A Defense of Consecration to Mary

No, the bishops are not “misguided” in consecrating their countries to Mary. They are long overdue.

Bartolomé Esteban Murillo, “The Immaculate Conception,” 1660
Bartolomé Esteban Murillo, “The Immaculate Conception,” 1660 (photo: Public Domain)

It disturbs me that there persists a stubborn, anti-Marian streak among certain contemporary Catholic theologians, who often try to find justification for their anti-Marian animus in the documents or, more often, the “spirit” of Vatican II.

Case-in-point: a commentary by French/Dutch theologian and writer Hendro Munsterman in the April 30 La Croix International, asking why bishops are “still” consecrating to Mary. La Croix has a reputation as a seedbed of revisionist theology that appears to see the Francis pontificate as its entrée for re-baking the worst ideas of the “spirit of Vatican II” in its pages as “the world’s premier independent Catholic daily.” (Nothing like humility).

Munsterman observes that the American, Italian and Canadian bishops’ conferences “consecrated” their Coronavirus-ravaged countries on May 1, the traditional Marian month, to the Blessed Mother. He characterizes their efforts as “misguided,” “theologically problematic and controversial,” a medieval hangover that the best of contemporary theology has gone beyond. It supposedly detracts from the “Christocentric” nature of our faith. It is supposedly rooted in an anachronistic Mariology too focused on her privileges or her unique relationship to her Son, supposedly leading to treating Mary “more like a pagan mother goddess.” (This from a journal that had no problem with Pachamama in St. Peter’s).

The consecrations are none of those things — except, perhaps, to Munsterman and the circles of La Croix.

Munsterman invokes the Vatican’s 2001 Directory on Popular Piety and the Liturgy in defense of his argument. I’ll return to his cramped and tendentious reading of the relevant passage but, first, let’s take a way-back trip.

Let me recall an incident from 1980. My college, which was next door to a major seminary, had the custom of Eucharistic exposition on Wednesday nights. Exposition concluded with Night Prayer and Benediction.

It was October, a month Catholic traditionally dedicate to the Rosary. My senior class, therefore, decided we would gather to recite the Rosary prior to Night Prayer. We did this for two weeks when, suddenly, my classmate was taken to task by the rector, who told us we could not let the Rosary lead into Night Prayer and Benediction because (shades of Munsterman) we were “confusing our Christological mysteries with our Marian mysteries.”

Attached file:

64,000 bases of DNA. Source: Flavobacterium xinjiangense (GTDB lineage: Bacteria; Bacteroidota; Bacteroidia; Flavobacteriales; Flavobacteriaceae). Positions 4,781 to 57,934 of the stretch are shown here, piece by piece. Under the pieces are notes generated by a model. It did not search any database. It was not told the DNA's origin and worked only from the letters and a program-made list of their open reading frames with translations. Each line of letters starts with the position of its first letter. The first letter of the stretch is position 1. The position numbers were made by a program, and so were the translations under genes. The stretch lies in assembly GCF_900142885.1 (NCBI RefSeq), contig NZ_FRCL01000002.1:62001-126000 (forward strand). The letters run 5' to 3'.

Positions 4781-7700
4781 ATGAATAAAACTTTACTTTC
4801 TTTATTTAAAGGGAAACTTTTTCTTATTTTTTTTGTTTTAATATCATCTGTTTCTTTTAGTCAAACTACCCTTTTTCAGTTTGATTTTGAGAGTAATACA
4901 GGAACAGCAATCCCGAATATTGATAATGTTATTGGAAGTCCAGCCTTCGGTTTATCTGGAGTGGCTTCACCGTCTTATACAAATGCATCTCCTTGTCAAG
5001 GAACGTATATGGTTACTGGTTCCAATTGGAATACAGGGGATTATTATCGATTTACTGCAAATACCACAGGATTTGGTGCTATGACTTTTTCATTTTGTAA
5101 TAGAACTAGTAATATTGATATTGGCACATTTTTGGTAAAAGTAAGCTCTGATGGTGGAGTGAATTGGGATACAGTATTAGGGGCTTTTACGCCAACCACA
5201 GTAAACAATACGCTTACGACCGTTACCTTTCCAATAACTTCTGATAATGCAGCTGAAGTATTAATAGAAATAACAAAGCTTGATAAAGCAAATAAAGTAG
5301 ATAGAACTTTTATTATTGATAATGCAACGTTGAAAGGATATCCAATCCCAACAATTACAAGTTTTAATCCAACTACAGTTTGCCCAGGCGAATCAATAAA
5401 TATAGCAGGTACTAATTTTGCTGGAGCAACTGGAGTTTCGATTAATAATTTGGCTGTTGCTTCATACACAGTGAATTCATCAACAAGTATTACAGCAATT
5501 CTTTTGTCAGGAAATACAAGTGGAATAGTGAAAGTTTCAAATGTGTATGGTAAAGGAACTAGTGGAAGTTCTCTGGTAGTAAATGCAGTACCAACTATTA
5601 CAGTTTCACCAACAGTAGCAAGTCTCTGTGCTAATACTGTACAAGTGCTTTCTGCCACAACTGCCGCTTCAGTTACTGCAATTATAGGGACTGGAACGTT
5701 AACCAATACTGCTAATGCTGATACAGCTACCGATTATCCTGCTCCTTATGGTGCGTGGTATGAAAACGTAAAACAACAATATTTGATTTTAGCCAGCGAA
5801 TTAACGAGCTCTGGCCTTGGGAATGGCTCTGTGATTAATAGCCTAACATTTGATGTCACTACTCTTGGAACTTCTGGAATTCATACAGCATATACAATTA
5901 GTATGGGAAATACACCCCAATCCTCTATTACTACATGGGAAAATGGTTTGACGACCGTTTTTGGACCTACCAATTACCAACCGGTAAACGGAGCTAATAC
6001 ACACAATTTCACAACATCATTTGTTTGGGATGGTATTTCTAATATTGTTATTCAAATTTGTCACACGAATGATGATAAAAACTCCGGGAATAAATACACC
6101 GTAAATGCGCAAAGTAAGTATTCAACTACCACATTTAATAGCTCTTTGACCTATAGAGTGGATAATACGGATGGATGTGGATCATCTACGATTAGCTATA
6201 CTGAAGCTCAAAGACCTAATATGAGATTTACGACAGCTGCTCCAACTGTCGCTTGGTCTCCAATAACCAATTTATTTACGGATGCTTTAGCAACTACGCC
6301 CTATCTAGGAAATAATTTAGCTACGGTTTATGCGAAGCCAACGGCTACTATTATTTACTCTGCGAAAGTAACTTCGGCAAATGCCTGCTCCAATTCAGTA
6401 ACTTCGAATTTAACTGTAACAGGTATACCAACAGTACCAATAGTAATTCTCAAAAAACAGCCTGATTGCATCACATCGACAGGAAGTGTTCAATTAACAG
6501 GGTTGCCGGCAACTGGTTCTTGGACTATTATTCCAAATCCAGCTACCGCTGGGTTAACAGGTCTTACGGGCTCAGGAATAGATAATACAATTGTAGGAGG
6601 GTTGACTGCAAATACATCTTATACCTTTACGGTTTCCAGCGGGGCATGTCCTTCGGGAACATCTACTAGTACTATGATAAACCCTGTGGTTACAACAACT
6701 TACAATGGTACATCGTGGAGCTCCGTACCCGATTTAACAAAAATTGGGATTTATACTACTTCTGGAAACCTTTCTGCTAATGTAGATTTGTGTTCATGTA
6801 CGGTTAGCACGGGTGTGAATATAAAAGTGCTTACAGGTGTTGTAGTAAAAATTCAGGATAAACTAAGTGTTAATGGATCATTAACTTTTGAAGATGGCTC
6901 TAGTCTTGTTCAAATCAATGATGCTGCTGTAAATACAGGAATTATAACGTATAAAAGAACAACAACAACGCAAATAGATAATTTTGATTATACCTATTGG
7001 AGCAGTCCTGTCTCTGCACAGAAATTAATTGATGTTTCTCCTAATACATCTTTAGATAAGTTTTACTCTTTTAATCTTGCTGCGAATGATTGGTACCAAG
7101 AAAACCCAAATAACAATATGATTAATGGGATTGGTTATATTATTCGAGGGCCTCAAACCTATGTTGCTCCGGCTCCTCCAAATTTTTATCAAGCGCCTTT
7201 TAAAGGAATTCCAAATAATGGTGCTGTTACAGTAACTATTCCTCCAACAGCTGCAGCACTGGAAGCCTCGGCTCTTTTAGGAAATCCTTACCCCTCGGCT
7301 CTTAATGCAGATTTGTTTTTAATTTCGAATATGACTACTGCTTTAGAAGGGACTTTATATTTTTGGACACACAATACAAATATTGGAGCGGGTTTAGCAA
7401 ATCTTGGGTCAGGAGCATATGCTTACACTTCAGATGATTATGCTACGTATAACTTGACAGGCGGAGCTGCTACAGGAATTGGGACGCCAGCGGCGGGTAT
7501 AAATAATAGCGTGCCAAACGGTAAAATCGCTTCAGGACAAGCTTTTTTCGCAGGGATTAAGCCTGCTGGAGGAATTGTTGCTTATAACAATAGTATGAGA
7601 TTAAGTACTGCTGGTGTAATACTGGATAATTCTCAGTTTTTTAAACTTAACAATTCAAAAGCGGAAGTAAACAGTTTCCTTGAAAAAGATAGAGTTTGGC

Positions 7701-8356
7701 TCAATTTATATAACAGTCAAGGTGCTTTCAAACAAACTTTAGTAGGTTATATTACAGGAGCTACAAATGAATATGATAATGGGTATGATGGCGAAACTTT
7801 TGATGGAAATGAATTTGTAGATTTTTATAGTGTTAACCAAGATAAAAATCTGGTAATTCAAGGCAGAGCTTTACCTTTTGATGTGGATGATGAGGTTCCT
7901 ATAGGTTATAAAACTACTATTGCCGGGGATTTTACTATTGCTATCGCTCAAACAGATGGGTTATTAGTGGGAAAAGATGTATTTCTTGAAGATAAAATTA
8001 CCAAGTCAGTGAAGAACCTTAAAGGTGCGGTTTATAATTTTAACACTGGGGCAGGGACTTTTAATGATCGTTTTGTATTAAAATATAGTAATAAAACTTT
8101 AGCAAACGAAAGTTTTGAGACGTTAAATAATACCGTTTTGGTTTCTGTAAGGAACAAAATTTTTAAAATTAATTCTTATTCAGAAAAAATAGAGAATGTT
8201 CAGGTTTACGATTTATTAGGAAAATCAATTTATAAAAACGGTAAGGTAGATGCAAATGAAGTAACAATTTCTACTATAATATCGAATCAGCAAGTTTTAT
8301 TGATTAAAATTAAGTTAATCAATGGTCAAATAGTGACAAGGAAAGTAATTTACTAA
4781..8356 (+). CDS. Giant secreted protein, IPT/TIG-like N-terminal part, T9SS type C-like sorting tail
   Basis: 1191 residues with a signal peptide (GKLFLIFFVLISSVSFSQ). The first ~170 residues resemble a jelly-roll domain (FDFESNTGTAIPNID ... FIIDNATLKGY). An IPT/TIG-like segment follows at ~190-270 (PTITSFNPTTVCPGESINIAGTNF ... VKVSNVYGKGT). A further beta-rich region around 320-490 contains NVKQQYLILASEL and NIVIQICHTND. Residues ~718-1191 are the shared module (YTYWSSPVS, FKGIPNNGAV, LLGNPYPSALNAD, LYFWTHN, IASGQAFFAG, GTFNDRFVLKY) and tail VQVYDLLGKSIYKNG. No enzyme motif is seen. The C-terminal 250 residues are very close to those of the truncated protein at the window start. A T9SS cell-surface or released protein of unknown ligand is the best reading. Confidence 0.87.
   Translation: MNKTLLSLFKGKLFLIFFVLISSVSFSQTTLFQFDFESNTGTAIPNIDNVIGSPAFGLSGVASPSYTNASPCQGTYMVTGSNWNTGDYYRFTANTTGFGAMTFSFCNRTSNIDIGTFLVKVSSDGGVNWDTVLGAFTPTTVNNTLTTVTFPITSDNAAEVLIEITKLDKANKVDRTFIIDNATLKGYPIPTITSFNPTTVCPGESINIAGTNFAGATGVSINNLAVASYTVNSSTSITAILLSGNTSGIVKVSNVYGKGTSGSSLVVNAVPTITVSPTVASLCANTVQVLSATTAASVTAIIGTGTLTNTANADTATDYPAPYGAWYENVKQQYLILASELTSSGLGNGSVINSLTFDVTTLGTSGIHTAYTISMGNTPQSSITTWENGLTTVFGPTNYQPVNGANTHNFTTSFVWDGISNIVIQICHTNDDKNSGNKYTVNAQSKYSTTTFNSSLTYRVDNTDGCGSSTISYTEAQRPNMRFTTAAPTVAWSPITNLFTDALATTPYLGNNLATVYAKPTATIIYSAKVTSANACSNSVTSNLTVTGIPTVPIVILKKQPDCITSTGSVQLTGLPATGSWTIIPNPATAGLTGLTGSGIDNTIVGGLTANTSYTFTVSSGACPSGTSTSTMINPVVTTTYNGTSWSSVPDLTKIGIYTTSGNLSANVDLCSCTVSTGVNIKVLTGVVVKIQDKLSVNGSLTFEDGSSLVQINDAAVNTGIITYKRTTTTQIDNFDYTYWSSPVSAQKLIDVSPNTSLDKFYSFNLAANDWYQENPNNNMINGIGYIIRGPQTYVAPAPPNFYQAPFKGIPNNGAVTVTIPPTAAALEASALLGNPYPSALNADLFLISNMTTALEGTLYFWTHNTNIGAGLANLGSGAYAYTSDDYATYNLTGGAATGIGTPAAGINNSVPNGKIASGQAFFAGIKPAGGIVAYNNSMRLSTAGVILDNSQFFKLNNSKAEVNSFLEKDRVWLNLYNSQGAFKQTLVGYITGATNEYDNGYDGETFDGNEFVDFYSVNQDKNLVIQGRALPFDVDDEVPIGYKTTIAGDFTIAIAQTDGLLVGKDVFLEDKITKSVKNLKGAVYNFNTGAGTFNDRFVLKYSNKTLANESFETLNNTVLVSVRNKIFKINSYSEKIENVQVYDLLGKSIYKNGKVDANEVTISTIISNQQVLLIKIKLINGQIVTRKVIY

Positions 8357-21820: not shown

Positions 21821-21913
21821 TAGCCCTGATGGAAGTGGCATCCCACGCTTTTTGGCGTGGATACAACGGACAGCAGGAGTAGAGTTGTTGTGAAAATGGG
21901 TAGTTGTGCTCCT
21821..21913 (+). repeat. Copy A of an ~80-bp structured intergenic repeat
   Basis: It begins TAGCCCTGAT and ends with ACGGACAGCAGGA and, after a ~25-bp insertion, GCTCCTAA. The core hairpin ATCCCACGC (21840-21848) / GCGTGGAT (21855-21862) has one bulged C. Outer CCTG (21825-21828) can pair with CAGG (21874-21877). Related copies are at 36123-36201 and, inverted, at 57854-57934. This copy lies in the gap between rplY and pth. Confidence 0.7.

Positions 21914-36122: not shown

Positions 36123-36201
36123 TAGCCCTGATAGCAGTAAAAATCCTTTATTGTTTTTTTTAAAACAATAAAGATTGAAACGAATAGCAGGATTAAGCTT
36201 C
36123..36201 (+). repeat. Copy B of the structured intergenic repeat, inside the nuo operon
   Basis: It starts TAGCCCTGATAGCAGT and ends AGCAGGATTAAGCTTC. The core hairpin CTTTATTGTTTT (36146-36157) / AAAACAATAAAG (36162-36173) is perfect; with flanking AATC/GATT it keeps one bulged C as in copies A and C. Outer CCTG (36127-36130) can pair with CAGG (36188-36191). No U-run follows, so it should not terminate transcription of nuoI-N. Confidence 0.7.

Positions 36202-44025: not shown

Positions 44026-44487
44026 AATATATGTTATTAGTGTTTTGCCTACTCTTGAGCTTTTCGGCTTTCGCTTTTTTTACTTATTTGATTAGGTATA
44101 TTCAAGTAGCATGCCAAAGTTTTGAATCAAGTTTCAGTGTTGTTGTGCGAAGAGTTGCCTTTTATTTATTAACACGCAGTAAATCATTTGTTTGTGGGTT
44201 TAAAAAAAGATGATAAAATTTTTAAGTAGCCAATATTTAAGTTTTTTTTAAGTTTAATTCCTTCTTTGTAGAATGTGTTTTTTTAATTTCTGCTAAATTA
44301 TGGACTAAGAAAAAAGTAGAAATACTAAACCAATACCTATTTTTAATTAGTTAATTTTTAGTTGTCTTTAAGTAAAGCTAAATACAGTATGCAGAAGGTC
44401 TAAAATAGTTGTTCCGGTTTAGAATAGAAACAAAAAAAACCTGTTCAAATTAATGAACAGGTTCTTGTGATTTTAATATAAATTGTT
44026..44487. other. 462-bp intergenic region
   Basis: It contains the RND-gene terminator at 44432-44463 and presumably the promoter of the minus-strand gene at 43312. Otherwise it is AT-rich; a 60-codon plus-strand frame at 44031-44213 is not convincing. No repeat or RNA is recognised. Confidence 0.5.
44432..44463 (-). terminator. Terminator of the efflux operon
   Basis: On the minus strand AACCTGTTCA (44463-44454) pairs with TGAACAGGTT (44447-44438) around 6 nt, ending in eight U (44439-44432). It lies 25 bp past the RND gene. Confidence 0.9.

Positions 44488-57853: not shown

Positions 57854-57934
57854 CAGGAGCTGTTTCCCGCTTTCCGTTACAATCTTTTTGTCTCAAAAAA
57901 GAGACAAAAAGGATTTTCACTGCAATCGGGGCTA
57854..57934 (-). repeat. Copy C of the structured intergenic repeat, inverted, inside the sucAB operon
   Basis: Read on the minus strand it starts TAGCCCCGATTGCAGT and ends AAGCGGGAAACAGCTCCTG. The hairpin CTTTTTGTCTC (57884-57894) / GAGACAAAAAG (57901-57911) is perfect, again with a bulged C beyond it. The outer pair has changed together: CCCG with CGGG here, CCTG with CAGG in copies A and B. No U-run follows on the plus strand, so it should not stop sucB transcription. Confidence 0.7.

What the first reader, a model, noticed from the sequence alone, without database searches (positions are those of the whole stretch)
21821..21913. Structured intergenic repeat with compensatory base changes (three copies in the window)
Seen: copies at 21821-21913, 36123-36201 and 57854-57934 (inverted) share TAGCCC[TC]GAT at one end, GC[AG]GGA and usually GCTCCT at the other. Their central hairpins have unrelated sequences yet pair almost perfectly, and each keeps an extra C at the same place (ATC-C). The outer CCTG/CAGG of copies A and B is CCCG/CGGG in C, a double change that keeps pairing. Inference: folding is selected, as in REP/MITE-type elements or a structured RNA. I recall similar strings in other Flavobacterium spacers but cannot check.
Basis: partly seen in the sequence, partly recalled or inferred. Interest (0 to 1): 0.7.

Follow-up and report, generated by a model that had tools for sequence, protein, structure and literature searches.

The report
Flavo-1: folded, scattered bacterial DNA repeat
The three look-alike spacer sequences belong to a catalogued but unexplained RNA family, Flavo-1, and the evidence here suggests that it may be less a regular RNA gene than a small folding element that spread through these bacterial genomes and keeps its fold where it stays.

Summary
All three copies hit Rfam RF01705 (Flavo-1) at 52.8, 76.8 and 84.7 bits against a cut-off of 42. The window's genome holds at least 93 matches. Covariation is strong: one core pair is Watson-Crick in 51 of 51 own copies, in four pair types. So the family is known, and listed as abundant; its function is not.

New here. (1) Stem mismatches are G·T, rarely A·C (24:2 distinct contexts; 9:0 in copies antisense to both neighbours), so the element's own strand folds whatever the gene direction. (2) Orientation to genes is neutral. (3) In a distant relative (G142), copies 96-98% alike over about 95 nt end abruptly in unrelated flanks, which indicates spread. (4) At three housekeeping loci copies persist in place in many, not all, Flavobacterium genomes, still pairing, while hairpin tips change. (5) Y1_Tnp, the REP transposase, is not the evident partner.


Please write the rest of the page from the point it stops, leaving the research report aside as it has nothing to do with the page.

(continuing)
I’ll admit that back then, this undergraduate found the logic of that position dumbfounding. It reminded me of a line in an old Honeymooners episode, when Ralph Kramden announces, in defense of his position (the superiority of men) that “there’d be no America without Christopher Columbus.” Alice soberly responded, “There’d be no Christopher Columbus without his mother.”

I would answer my rector’s theological misunderstanding today differently, thanks to a book I’ve just finished reviewing: Wilfrid Stinissen’s Bread That Is Broken. The Eucharist is the absolute extension of Jesus’ sacrifice and Jesus’ love. The Eucharist is what every Christian must strive in his actions to be. No one did that better than Mary. Far from being a confusion of our “Christological and Marian [and even sacramental] mysteries,” each mutually illumines and explains the others.

Pope St. John Paul II never tired of reaffirming that “Jesus fully reveals man to himself.” I have yet to see a full-throated development of the Marian flip side of that truth: Conceived without sin, true woman, Mary also “fully reveals man to himself.”

My point: The counterpoint of Christ and Mary is a false binary. Perhaps high pre-conciliar Mariology was prone to certain excesses, but what Munsterman et al. offer is a (dubiously) “post-conciliar” non-Mariology that is so low as to be practically imperceptible.

Munsterman accuses the bishops’ conferences planning national consecrations as running opposite to what the Directory on Popular Piety and the Liturgy prescribes. Reading the relevant section (204) hardly bears out the charge.

“Consecration” is the heart of his problem. One might “entrust” himself to the Blessed Mother, but “consecration” properly understood is in permanent relation to God alone and related to Baptism and Confirmation:

“Liturgical theology and the consequent rigorous use of terminology would suggest reserving the term consecration for those self-offerings which have God as their object, and which are characterized by totality and perpetuity, which are guaranteed by the Church's intervention and have as their basis the Sacraments of Baptism and Confirmation.”.